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Five Ways to Be a Greener Athlete

Five Ways to Be a Greener Athlete

Tuesday, March 3, 2015 - 5:49am
Five Ways to Be a Greener Athlete

"Biking Rock Creek" by Flickr User Rebecca Schley. License

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Even the most environmentally conscious athletes out there can use the occasional reminder every now and then that without a healthy planet, many of us wouldn’t be able to enjoy staying active in the hidden treasures, like Rock Creek Park, throughout the District. Here are a few things to keep in mind the next time you hit the mat or lace up your shoes:

#1 Invest in a Good Reusable Water Bottle
We always talk about the importance of hydration but we rarely mention the best practices for hydrating. Ditch the plastic water bottles from the store for the sake of the planet and your wallet because filling up your reusable water bottle has never been easier in D.C.! Partnering businesses with TapIt Metro D.C. lets you fill up any reusable bottle with tap water at no charge with no purchase no necessary. 
 

#2 Don't Trash the District
There's no doubt that gels and gummies is essential during a long run or bike ride. But this simple practice of fueling your body can sometimes be detrimental to the planet! When empty wrappers of energy gels line the trails, it gives athletes a bad reputation and sends a disrespectful message to the community and to Mother Nature—we're just so much better than that! Don't forget to be respectful at races as well. Support races that score well on the Council for Responsible Sport's sustainability rankings. 

When visiting a park, The National Park Service recommends that you "Leave No Trace", i.e. take nothing and leabve nothing behind.  This means NO garbage - even biodegradable materials like orange peels and apple cores, as they can attract scavengers that may harm other wildlife. Additionally, "Leave No Trace" means not taking anything with you, including rocks, arrowheads, fruit, etc .. 
 

#3 Purchase Mindfully
From eco-friendly yoga mats to eco-friendly organic cotton tees made specifically to be light and breathable, there's numerous decisions we as athletes can make that's better for the planet. Some eco-friendly products are made to last longer, too. 

ALDC Featured Yogi Stacey DeGrasse of Capitol Hill Yoga prefers the KharmaKhare Reincarnated Lite.

"What do I love about this mat? For starters I love KharmaKhare's mission and strong commitment to being green. They use existing materials to create their products, preventing further waste from ending up in landfills. KharmaKhare mats are made of 100% recycled car tires! As a scientist and environmentalist, I am impressed with their effort, dedication, and smart practices that lead to the repurposing of materials into safe products.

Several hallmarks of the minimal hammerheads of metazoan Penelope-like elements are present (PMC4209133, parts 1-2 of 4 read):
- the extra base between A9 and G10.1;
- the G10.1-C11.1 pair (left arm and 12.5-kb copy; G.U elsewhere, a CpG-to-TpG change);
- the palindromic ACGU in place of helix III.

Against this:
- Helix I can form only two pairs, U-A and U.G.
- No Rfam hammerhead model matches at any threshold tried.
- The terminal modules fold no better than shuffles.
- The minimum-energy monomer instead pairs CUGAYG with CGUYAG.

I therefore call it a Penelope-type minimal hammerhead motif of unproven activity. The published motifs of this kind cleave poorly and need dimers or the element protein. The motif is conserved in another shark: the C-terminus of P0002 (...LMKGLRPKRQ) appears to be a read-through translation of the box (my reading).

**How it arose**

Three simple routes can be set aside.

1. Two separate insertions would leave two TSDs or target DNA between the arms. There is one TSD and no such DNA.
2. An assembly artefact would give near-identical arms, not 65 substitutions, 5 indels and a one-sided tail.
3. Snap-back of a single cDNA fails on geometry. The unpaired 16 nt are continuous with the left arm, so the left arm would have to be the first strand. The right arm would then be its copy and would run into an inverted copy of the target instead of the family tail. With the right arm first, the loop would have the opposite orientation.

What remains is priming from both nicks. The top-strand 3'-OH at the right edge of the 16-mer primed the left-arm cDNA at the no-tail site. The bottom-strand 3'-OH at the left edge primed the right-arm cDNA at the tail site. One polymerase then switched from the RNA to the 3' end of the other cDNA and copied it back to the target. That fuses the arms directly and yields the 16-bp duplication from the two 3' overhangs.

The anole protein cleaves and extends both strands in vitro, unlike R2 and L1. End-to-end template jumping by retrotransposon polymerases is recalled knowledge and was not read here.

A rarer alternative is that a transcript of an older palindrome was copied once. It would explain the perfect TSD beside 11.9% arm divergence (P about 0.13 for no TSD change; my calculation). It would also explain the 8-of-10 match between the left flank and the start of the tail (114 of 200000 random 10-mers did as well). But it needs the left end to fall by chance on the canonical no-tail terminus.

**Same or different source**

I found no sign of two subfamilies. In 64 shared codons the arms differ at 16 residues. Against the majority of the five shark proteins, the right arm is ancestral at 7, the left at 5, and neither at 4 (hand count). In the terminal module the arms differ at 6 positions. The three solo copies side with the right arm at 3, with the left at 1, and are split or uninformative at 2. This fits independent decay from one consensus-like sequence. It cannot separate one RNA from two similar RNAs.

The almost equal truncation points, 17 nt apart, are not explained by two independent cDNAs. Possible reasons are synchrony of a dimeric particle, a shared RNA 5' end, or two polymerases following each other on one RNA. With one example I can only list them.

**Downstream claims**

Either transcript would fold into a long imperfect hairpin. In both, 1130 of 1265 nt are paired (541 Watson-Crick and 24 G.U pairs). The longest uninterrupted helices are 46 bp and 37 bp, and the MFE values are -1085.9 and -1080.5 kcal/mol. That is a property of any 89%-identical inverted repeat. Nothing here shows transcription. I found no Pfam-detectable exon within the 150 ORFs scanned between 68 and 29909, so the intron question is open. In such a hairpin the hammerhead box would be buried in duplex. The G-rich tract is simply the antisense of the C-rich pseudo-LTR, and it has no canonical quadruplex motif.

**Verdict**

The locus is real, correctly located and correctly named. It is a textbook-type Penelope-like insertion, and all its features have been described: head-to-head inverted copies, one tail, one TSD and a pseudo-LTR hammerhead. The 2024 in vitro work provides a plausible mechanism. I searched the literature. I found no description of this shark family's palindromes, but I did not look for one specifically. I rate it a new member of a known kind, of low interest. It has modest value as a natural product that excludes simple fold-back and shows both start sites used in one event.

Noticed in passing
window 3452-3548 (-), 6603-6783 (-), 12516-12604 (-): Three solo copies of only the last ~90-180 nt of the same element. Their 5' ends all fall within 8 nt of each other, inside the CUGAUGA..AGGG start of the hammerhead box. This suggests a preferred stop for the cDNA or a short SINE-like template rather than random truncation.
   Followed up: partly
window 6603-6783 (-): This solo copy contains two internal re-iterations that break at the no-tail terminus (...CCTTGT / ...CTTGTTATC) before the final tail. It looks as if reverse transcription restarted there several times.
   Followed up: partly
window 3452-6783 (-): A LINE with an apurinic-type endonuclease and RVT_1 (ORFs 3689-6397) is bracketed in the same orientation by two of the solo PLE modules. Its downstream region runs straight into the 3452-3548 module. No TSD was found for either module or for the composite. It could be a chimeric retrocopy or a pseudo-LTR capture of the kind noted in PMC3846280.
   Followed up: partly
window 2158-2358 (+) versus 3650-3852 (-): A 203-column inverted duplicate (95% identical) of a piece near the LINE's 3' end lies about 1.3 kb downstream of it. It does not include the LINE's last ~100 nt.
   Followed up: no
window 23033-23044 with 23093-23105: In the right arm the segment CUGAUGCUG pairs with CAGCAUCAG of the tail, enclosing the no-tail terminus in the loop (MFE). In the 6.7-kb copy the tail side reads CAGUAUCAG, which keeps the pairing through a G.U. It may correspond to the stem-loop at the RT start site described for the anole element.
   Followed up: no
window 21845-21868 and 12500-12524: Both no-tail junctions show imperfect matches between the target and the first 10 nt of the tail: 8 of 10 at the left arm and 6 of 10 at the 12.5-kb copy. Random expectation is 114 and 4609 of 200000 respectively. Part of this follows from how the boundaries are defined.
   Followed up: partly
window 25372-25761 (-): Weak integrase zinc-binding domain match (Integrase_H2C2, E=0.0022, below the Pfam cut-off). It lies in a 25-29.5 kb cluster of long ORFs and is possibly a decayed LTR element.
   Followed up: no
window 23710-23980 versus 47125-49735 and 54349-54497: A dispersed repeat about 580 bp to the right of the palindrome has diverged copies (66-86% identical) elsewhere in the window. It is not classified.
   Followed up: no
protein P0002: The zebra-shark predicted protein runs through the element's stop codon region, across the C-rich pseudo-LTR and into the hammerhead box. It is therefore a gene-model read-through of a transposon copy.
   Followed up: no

As a yogi, there is a lot I love about the KharmaKhare Reincarnated Lite. It's only 4 lbs, which makes it not only my go-to mat when practicing around DC but also my travel mat. Despite being lite, it is still both durable and cushiony. As a yogahour teacher and practitioner, one thing I can be certain of is that I will sweat during practice. I have found the KharmaKhare Reincarnated Lite to be perfect for this kind of practice. The mat provides great grip and never turns into a slip-n-slide during a sweaty practice. This means that I no longer need to use mat towels for each and every practice, which translates into much less laundry and less water usage. This mat is easy to clean with natural and organic cleaners. For more information about KharmaKhare and their yoga mats, please visit their webpage:
http://kharmakhare.com"

Stacy on her KharmaKhare Reincarnated Lite.

 

More yoga mat favorites from DC area yoga instructors

 

#4 Recycle Your Running Shoes
Running stores, including Pacers, Potomac River Running, Nike Georgetown and City Sports, offer a recycling shoe program that donates old running shoes or recycles the material that's later grinded up for a synthetic surface like tracks and sport courts. 
 

#5 Get Out There
Getting out in nature is one of the best ways to 'go green!' You'll be reminded why it's so important to be a green athlete and you'll sorround yourself with others that hold the same environmentally conscious values. The more athletes approach exercise in nature as a privilege rather than a right, we'll be treating the trails we run on the way they deserve to be treated.

If you are an avid user of Rock Creek Park, you may want to consider joining the Rock Creek Park Conservancy and their efforts to keep the park clean. The group will be hosting their extreme cleanup on April 11. 

"Beautiful shot of the old stone bridge on Beach Drive in Rock Creek Park". Photo by Flickr user Dion HinchcliffeLicense.  Photo from 2008.


 

Share your tips/ideas for being a greener athlete below!

About the Author

Jamie Corey is a RRCA certified coach and author of RunsterInc.com. Jamie has completed eight marathons, several triathlons and is currently training for her first Ironman. When she isn't trying to find the best bagel in town, she is usually tweeting at @TheRunster.

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